Airline—Revenue Benefit:

  • control of the offer in all channels
  • differentiation through product attributes
  • upsell through bundling and fare families
  • ancillary upsell
  • rich content to inspire and drive conversion
  • dynamic pricing and personalisation
  • increased reach through new sales channels.

Airline—Cost Benefit:

  • lower opportunity cost
  • new technology at lower cost compared to legacy systems
  • cost savings across ticketing, payment, revenue accounting
  • back-office automation
  • improves revenue integrity (removes costs of fare auditing)
  • control overpayment
  • real-time settlement cuts the cost of agency defaults, etc.

The Four Reasons Why NDC Can Still Deliver for Airlines Through the Covid-19 Crisis

Looking through the lens of airline revenue and cost benefits, we can see four immediate upsides through applying a coherent NDC strategy during the crisis:

Revenue Stream Innovation

The NDC goal of reduced distribution costs and increased revenue are particularly pertinent as airlines seek to recover. The ability NDC gives airlines to innovate, create product offerings and roll these out to market in real-time can make NDC a ‘gamechanger’ for an airline’s bottom line through – and beyond – the crisis.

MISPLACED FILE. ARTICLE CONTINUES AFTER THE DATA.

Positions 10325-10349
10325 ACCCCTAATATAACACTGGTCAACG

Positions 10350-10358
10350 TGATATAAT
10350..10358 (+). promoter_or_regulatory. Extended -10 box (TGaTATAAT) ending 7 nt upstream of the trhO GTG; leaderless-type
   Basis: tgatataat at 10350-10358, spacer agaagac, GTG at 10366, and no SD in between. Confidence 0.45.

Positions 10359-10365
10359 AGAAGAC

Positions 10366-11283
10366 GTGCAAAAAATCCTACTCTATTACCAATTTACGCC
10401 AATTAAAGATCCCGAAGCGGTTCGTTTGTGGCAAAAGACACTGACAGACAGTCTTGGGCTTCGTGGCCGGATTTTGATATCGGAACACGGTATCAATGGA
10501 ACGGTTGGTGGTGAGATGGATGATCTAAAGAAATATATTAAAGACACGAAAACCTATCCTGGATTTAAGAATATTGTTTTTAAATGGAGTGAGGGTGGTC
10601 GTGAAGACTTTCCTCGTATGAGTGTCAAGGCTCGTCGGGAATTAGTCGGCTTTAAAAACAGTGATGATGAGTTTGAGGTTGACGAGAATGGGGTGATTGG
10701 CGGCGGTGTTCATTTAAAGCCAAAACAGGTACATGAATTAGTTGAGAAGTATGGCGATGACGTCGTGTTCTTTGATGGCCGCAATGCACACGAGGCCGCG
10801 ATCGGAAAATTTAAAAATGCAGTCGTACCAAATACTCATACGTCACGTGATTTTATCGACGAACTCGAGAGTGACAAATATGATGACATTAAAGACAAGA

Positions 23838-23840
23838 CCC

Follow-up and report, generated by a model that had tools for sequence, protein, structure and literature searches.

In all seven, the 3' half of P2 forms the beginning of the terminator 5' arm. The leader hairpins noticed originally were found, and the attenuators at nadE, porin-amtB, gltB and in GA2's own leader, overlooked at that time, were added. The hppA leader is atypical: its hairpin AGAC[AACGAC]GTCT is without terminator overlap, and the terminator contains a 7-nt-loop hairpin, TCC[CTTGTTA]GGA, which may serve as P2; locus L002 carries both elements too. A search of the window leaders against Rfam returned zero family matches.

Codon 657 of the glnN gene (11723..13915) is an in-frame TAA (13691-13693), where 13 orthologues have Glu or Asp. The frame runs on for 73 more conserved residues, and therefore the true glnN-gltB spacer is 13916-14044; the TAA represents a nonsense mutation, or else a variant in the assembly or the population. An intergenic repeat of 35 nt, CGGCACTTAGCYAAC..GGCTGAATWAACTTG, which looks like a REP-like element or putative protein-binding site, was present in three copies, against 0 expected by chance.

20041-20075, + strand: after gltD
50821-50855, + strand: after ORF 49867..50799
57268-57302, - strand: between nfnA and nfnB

The current travel environment is very dynamic and changing frequently. As regulations are introduced to restart international travel, health and safety products, such as vaccine certification, can more easily be delivered under the airline’s control. Indeed, at the very heart of NDC is the capability to innovate through the addition of new customer propositions – at speed, and across all distribution channels.

Adding new health and safety products across all channels creates the exact sort of benefit that NDC was created for – more and better choices for the passengers, revenue and innovation opportunity for the airlines.

Market Stimulation and Long-Term Impact

We are starting to see airlines give dates for when they start opening up more. If there is one thing we can guarantee, it is that airlines will need to stimulate demand on an ongoing basis.